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    handjive

    Half a century ago, 153 people turned 100 years old in Japan. Last year 29,000

    Japan starts scrimping on its cosseted elderly (the economist)

    “and it calculates that around 39,000 (commemorative silver cups for drinking sake as 100th birthday gifts) will be needed by 2018.
    There are now more than 55,000 living centenarians in Japan, up from just a few hundred for most of the 20th century.
    ~ ~ ~
    Japan Defies Obama — Plans On Building 43 Coal Plants(dailycaller)

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    pat

    i’ve ignored all the criticism from the faux environmental groups in the following piece to focus on the official hypocrites:

    22 Aug: Santa Fe New Mexican: Staci Matlock: Amid push to cut coal, feds review mine lease program
    The Department of the Interior is leasing millions of acres of federal coal to private mining companies even as the Obama administration ramps up efforts to curb greenhouse gases from coal-burning power plants and natural gas pipelines under the president’s Climate Action Plan.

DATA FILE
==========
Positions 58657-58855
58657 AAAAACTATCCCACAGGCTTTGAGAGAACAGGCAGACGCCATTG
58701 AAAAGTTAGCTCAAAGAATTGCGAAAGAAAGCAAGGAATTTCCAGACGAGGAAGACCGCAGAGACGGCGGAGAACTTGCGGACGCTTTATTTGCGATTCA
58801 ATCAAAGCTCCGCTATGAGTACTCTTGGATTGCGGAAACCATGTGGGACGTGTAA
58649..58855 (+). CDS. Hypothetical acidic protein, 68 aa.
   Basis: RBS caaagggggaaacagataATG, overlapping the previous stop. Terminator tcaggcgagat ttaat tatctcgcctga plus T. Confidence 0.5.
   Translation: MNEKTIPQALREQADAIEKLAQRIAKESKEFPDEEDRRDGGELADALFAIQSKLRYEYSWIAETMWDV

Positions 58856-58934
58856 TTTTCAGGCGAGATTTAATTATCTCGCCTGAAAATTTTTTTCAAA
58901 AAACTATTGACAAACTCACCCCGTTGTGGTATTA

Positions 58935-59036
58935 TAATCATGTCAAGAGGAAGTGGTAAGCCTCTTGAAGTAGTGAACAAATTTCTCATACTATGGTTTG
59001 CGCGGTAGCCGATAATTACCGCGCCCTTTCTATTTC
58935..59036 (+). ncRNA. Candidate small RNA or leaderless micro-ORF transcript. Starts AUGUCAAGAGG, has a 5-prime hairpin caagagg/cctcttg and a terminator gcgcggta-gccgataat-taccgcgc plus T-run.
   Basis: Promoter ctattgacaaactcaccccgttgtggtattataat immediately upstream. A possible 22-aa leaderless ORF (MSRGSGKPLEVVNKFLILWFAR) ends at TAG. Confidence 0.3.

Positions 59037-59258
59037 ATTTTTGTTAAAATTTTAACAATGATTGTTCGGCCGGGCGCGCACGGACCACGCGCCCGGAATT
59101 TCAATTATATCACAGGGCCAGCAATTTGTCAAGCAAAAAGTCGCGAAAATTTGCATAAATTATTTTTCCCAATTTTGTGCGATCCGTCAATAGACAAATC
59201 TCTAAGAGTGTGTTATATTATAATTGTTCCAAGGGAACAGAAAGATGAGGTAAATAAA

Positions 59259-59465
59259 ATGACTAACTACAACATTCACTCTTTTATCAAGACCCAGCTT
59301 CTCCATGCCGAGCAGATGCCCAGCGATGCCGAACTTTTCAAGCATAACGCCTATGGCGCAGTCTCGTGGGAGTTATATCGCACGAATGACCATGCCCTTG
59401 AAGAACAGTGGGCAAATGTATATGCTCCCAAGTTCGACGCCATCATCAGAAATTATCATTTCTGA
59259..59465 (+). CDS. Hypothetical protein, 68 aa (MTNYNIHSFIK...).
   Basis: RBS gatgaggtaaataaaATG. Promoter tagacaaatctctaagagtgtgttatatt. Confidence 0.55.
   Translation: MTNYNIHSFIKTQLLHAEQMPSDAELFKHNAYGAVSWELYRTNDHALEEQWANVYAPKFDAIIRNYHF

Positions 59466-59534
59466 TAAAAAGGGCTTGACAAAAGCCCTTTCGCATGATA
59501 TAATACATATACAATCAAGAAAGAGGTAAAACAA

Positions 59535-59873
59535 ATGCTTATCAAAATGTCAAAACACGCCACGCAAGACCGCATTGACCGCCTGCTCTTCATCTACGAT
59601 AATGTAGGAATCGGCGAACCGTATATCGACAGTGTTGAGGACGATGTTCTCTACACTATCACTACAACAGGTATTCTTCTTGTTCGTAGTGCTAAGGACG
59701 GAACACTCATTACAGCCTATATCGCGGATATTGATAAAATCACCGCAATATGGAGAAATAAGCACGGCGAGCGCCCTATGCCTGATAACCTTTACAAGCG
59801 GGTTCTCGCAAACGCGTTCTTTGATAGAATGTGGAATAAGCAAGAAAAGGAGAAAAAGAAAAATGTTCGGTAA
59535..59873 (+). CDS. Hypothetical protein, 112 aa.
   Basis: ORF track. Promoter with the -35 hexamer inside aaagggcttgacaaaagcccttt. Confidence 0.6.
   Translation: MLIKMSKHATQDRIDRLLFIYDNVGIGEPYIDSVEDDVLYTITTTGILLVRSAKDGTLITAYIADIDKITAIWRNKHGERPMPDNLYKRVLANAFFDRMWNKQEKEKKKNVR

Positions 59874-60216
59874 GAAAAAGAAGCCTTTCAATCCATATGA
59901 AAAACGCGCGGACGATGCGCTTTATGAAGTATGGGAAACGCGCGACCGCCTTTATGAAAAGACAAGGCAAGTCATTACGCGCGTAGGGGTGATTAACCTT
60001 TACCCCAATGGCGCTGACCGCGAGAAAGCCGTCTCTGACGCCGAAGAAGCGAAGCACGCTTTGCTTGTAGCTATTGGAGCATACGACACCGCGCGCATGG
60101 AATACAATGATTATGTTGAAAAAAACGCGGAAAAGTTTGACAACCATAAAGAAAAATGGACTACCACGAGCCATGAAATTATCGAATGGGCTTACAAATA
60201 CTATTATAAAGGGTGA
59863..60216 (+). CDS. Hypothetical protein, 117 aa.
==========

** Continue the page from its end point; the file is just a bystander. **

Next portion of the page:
To environmentalists and some Navajo activists living near coal mines in New Mexico, the disconnect between leasing the coal while clamping down on the climate-changing pollution it causes couldn’t be more stark…
    Still, (Interior Department Secretary Sally) Jewell hasn’t called for an outright end to coal. In her March comments, she said, “Coal is going to continue to be an important part of our nation’s energy mix in the future…
    Coal remains a primary, though dwindling, source of electricity nationwide. In New Mexico, coal accounts for about 60 percent of generated electricity. In the United States, about 40 percent of electricity is fueled by coal…
    About 40 percent of the coal produced in the United States is from public land. Almost 85 percent of it is from Wyoming’s Powder River Basin.